#17 Fr Raphael Vereshack

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Posted 13 April 2005 - 08:04 PM

Dear Byron,
You wrote:

I have a copy of Fr Seraphim Rose "The Soul after Death", but I know the toll-house theory is not accepted as Orthodox doctrine by all Orthodox.


Believe me my dear brother in Christ the toll houses are not a theory but rather the actual experience of many who departed or who were departed and then returned to this life to tell others of their experiences. Fr Seraphim is simply relating the many accounts from this experience of the Church spanning Her entire history.

At the same time however the toll houses are experienced in a many different ways by different people- and at times there do not seem to be anything resembling toll houses at all. If I remember correctly Fr Seraphim takes account of this. But what is common- and this is the point- is a trial of some sort from evil spirits at the time of death. For example in the recent book about St Seraphim of Sarov there is a true account of the death of the blessed Elena Manturova (p.99) As she is reposing she cries out to one of the sisters; "Oh, Xenia, Xenia...what are these two horrible creatures?- they are enemies' But then she instantly became quiet. 'Well, the enemy can no longer harm me.'"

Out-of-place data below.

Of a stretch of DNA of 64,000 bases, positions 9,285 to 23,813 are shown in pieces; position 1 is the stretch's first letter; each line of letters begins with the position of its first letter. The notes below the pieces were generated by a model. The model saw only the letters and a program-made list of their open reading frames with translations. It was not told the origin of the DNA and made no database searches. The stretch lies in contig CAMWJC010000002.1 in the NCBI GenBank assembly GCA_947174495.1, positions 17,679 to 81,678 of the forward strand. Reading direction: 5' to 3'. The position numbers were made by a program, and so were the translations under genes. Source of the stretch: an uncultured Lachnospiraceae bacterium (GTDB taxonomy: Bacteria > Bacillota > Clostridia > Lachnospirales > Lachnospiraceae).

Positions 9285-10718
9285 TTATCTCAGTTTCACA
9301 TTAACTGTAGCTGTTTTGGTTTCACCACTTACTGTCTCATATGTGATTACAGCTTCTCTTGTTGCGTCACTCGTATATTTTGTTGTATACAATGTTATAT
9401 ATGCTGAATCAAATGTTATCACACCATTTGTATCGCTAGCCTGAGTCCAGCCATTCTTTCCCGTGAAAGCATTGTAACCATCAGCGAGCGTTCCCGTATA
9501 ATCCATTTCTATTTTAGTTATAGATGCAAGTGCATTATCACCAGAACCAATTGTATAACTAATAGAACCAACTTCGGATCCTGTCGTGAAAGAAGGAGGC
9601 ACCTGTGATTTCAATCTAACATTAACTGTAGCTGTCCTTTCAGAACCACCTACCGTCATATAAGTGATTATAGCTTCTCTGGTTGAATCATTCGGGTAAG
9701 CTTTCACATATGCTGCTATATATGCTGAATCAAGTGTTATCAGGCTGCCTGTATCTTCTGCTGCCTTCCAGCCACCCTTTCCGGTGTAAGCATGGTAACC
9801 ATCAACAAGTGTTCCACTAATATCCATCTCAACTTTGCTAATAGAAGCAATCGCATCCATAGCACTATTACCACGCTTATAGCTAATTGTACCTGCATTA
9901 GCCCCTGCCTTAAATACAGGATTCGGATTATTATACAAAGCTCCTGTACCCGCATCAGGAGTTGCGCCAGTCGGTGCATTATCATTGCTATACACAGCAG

Again there is nothing here specifically about toll houses- but the experience of trial by the evil forces as we repose- this is very commonly attested to.

In Christ- Fr Raphael

#18 Byron Jack Gaist

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Posted 14 April 2005 - 07:47 AM

Dear Fr Raphael,

Thank you Fr for your response regarding the toll-houses. I have found an article On the Aerial Toll-House Debate which supports what you said.